It’s an early, if incomplete, look at how the world’s largest sportswear company may fare after deliberately wading into a hot political topic.

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Online sales of Nike apparel and shoes surged in the four days after quarterback-turned-activist Colin Kaepernick became the face of a new advertising campaign. Sales dipped in the same four-day period last year.

Nike’s Kaepernick ad debuted Monday afternoon, a U.S. holiday, drawing immediate praise and ire from celebrities and customers alike.

From Sunday through Wednesday, product orders rose 27 percent, according to digital-commerce researcher Edison Trends, which collects receipt data from more than 200 online vendors. In the same four-day period last year, product orders dropped 2 percent.

It’s an early, if incomplete, look at how the world’s largest sportswear company may fare after deliberately wading into a hot political topic. The decision to feature the former NFL player — he claims he’s been illegally barred from the league for kneeling during the national anthem to protest racial inequality — has already drawn multiple criticisms from President Donald Trump.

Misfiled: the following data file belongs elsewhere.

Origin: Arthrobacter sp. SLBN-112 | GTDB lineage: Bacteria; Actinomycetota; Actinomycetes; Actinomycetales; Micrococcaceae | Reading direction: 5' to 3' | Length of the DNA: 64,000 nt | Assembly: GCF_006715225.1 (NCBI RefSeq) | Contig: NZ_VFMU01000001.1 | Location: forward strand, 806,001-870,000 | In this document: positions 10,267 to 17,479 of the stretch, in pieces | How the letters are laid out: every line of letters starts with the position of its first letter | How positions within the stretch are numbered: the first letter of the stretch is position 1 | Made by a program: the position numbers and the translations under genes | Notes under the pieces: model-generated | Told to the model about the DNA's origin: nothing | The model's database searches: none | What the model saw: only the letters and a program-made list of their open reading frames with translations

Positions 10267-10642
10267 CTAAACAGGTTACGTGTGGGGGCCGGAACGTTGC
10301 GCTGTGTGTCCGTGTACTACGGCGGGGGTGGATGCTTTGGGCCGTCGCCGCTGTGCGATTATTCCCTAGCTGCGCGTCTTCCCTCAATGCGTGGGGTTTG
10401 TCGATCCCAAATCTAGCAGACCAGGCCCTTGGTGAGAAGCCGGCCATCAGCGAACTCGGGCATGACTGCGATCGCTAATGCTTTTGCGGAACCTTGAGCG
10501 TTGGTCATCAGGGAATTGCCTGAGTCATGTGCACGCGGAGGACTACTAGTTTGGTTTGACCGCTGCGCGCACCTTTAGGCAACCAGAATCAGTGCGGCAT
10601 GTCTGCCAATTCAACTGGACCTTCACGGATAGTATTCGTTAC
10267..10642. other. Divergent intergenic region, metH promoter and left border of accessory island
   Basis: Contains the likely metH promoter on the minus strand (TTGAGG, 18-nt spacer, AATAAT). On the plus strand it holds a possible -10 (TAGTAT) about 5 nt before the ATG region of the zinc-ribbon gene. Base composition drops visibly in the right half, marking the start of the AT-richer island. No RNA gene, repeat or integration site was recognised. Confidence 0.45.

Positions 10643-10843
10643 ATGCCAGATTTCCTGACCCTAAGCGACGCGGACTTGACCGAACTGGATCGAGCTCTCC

On Friday morning Trump tweeted: “What was Nike thinking?”

It’s not a big mystery. Nike thinks the campaign will create more business than it loses.

Two-thirds of Nike’s customers are younger than 35, and it’s an ethnically diverse group. The company is looking to focus more on cities, and the demographic mix suggests outsize support for Kaepernick’s actions.

If the company miscalculated, it probably won’t be obvious for a long time. The short-term data from Edison Trends includes both customers who went out and bought Nike gear to explicitly support the campaign.

It doesn’t account for past Nike customers who say they’ll never buy the company’s shoes or apparel again.

Nike stock dipped 3.2 percent in the first day of trading after the ad was revealed. It’s since rebounded a bit. Its $80.30 closing price on Friday was about 2.2 percent below its pre-Kaepernick level.